Allan Harkleroad owns and manages the website Dell Hell Again, not because he has to, but because he can. His website documents every failure that the Dell corporation makes. If a bad customer support interaction is made public, he reports on it. If one of their computers starts on fire in somebodies lap – he is one of the first to tell us.
This isn’t a brand new phenomenon either – Dell has been geting the backside of what the internet has to offer for years. As he documents in His book, What Would Google Do, author and journalist Jeff Jarvis once held a similar view to Harkleroad and took action. His shot heard around the world was a blog post titled ‘Dell lies. Dell Sucks.’ You can read the entire saga here. Don’t laugh too hard though, it made Jarvis famous and it didn’t do a thing for Dell.
In 2005, the year Jeff published his post, Dell was seeing a major backfire in their make em’ cheap and fast business model. Things were breaking down and their customer complaints had doubled. They eventually responded but the online lashback continues today.
The point of this isn’t to highlight Dell’s poor products, the point is that negative feedback has become more real than ever with the high speed connections that we all enjoy. I don’t need my blog anymore. There are no shortage of options for me to complain publicly about your business online (see yelp.com, epinions.com, or google.com/products). And, don’t get me started on employees complaining about there employers online. That is a whole different story, but it is just as real.
A few weeks ago, I did a post about how you could be missing out on positive praise online. This is the flip-side, the stuff we are all afraid of. I don’t know how many times I have been in a meeting with a client that wants commenting turned off on their blog. They are terrified of the nay-sayers and, let’s be honest, jerks. The problem with their thinking is that they still believe that they can control how people think, but they can’t. If they don’t let me complain on their blog, then I will just do it on mine or even worse, I will probably do it on Twitter or Facebook.
And this is the new worry for businesses. Complaining on Twitter and Facebook is easy. There is little consequence for the person doing the complaining. It only takes them a few seconds and they get a few virtual high-fives from their friends who appreciate the honesty.
The most powerful infulencer to me and my buying decisions comes directly from my personal network. The people I know best are the ones that are the most likely to convince me to buy or to not buy something. We trust who we know. Not a shock right? So what do you do when the negative feedback becomes a part of someones personal network?
You change the story
Sure, much of the damage has already been done, but there is no sense in crying over spilt milk right? You have to face it somehow and I believe that there are two primary steps that we can take to soften the blow.
1. Provide a channel
Where can your customers go to complain about you on the internet? Just like water, complainers will generally take the path of least resistance. If you have a Twitter account for me to talk to, then I am likely to send my comments directly to you. The same goes for a Facebook fan page or an online customer service portal like Get Satisfaction.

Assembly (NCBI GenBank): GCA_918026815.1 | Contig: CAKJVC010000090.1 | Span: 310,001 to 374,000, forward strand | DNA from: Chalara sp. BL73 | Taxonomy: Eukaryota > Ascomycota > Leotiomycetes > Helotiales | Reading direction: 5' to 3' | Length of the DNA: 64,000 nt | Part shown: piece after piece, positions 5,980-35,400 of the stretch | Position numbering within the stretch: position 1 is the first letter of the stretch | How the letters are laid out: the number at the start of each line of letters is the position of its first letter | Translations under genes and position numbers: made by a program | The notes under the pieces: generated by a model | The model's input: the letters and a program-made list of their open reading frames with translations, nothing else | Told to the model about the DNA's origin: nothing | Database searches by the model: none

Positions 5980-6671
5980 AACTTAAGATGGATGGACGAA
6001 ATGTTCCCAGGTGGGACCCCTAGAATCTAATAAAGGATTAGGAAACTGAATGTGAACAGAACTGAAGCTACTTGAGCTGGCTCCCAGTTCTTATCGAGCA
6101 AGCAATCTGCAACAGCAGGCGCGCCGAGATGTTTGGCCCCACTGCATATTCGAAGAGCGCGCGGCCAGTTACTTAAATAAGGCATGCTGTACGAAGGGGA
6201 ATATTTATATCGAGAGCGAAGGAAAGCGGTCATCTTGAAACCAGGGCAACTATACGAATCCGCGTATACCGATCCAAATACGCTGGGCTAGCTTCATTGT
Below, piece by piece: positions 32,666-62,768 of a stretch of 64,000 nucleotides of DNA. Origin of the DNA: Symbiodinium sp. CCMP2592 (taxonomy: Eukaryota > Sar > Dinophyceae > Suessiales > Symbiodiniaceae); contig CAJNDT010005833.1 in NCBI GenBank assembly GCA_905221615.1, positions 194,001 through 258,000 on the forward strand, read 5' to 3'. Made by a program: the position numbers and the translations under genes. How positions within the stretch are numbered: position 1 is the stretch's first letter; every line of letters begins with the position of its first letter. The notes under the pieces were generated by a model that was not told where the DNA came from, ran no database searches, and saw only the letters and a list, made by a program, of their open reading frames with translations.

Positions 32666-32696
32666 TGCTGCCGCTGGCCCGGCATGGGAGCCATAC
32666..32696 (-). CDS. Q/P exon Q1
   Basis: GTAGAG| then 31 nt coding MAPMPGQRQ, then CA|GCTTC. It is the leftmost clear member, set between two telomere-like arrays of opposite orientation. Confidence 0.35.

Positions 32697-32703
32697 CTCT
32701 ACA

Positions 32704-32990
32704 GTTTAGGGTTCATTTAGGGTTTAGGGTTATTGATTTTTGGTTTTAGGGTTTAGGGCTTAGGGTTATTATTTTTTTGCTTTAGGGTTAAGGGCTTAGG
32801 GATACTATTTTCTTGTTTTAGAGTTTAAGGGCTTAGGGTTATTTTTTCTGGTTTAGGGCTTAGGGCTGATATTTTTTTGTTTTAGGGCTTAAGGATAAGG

A simple contact form on your website isn’t good enough anymore. If I am going to complain about you I am most likely to do it where I spend most of my time. If that time is usually spent on Facebook, then watch out, that is where it will end up. The best we can do is to be everywhere. And, you never know, sometimes just being there will prevent the negative comment from even coming out in the first place.
2. Give a response
When we make it easy to complain we make it easy to respond and I strongly believe that a response is the best thing to do. One of my buddies that works in politics recently told me that the way they deal with negative feedback in a campaign is to ignore it. Perhaps this explains the abismal approval ratings that nearly every politician enjoys. Am I right?
The fact of the matter is that complaints against what you do are now documented forever. The pain doesn’t go away after a day or two. Google search will make sure that it hangs around for a lifetime. Our best defense is to respond quickly and publicly.
What you really want in these situations is for your response to the problem to be documented alongside the complaint. This often means that you must go to the complainer publicly by replying to them on Twitter, or commenting directly on their blog post. Going to them means that the same people who saw the complaint will probably see your response. It may not fix everything everytime, but it will go a long way to change perceptions.
Humility is the key word here. Business takes a lot of it and customer service takes even more. If someone has a cold cup of coffee and it is there fault, apologize anyhow and publicly offer them a free cup to make it up to them. Don’t think of it as giving-in either, think of it as an advertisement for your business giving a crap about your customers. The win isn’t in that free cup of coffee, it is in the simple fact that you cared enough be there and to respond.
How we can help
Now, I fully realize that being there isn’t always the easiest thing in the world. There is a lot to learn and a lot to monitor. At Todaymade we do this everyday and it is even difficult for use to keep the pulse of what the internet is saying. This is exactly why we have been working like crazy on our new product Todaypulse, which is designed to be the nerve center for all of your online and social media activity. You can read more about it here and sign up to notified when it is ready here.